Last week, Google announced significant changes to its criteria for Exact and Phrase match keywords. Starting in mid-May, Google will expand the relevancy factor for queries in order to capture misspellings, plurals, and stemmings.
What does this mean for you?
Well, it means your Exact Match and Phrase keywords will go further by showing up in more queries. For example, with this new policy in effect, a query for “single serving coffee maker” will result in your ad for the keyword “single serve coffee maker”, even if it is in Exact Match.
Google’s data shows that 7% of all search queries contain a misspelling, and as queries are getting longer, this means the occurrences of misspellings are likely to be more frequent. With that being the case, it makes sense to pair results up with queries that have typos in them.
The upside to this is that now your keyword lists don’t have to be as exhaustive since a singular form of the keyword will help capture its different variations. So, using the example of “single serve coffee maker”, this phrase will now also capture queries for “single serve coffee makers”, “single serve coffe maker”, “single serving coffee makers”, etc. You’ll notice this isn’t like Broad Match, where a query for “sneakers” can result in an ad for “shoes”; this is much more tight-knit, ensuring the highest relevancy. This change will be a huge help since it saves the step of manually adding in all forms or potential misspellings of a word individually. With the expanded relevancy factor, Google automatically does this for you.
The downside, however, is that your Phrase and Exact Match keywords may be in those match types by design and you only want to show up for those queries, not ones that are close to them, no matter the similarity. Advertisers with a very robust keyword list carefully build those out to ensure that they are only bidding on those keywords. An example of where this can be detrimental is the term “ice skate”. In its original form it is a venue, but making it a plural will turn it into a product (i.e.; “ice skates”). The results page looks very different for the two terms:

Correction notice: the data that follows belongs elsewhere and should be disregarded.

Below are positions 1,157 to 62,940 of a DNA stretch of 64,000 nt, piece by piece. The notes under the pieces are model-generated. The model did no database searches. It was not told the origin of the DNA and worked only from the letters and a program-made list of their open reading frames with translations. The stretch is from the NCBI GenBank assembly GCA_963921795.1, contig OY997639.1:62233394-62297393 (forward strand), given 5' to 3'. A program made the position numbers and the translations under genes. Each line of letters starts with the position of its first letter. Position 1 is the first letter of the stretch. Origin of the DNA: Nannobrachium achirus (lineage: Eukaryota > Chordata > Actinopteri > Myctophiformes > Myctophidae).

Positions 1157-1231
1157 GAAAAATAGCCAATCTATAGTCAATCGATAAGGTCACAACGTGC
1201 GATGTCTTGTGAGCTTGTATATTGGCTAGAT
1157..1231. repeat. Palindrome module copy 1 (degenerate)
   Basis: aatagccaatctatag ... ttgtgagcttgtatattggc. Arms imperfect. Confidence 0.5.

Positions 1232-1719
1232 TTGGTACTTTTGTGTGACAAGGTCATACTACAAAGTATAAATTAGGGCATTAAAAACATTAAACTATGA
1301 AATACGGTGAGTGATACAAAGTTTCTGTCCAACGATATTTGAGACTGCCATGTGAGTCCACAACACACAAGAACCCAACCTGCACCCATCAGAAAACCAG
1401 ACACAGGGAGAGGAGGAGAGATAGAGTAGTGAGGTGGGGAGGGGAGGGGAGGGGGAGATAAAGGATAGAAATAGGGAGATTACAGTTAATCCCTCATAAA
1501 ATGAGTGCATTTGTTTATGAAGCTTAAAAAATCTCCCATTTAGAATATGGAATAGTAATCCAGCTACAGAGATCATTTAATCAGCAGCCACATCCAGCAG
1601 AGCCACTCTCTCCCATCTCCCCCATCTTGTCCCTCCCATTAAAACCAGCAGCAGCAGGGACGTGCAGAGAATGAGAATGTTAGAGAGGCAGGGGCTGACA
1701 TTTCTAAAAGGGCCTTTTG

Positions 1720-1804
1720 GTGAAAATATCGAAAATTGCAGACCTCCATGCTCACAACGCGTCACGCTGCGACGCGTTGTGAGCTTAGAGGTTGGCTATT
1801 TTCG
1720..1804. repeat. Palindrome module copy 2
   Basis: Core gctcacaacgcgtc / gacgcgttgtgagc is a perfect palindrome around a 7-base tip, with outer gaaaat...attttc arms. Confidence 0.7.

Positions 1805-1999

Results for “ice skate”:
Results for “ice skates”:
In the first example, there’s a glaring absence of Paid Search ads while the second example is focused on them. This is just one of many instances where the problem of unwanted impressions can occur and may defeat the purpose of placing your keyword on Exact Match in the first place. Here’s another example, similar to what Google provided in their blog with the coffee maker:
Results for “coffee maker”:
Results for “coffee making”:
Again, notice the absence of ads when the term is referencing the act versus the product.
One way to mitigate the issue of unwanted impressions potentially caused by the expanded relevancy factor is to beef up your list of Negative Keywords. For example, Chase Bank would want to be sure to add “chasing” and “chases” to their Negative Keyword list to ensure they don’t appear for those terms. If you’re on the extreme end of the spectrum and don’t want any term other than a select few variations to show up, then you’ll need to add all the plurals, misspellings, stemmings, and abbreviations for those terms as negative keywords. This may be quite time-consuming, especially if you have a large keyword list. Although, with the help of Search Query reports over time, you should be able to determine which variations are bringing traffic, adding those to your list, and then turning the feature off.
Google’s new expanded keyword relevancy factor also has implications for Dynamic Keyword Insertions (DKI). For DKI, if your existing keywords are already maxing out the headline limit, then the plural version or any other variation will result in your back-up headline showing up more often. One thing to watch out for here is how this affects your CTR, especially if your back-up headline is more generic than the keyword insertion. One way to mitigate this would be to add the variations of the keywords you have as negatives to all ad groups that utilize DKI.
So, as an advertiser, should you turn this feature off for all your campaigns? The short answer is “no”- test it on a handful of campaigns to see what effect it has, if any. If you’re an advertiser who is strapped for time and resources, leave this feature on to see what incremental traffic it brings. However, if you have a fully exhaustive keyword list with just as many negative terms to match, then turning it off may be wise.
Unlike the display variations of sitelinks (2 lines vs. 1 line), fortunately this feature gives you the option to opt-out. This comes with a sigh of relief as advertisers have the option to test the waters on a small scale, rather than going all-in. How this new feature will fare depends on the advertiser/vertical, but one thing is for sure: Google is moving from keyword-based search to intent-based search.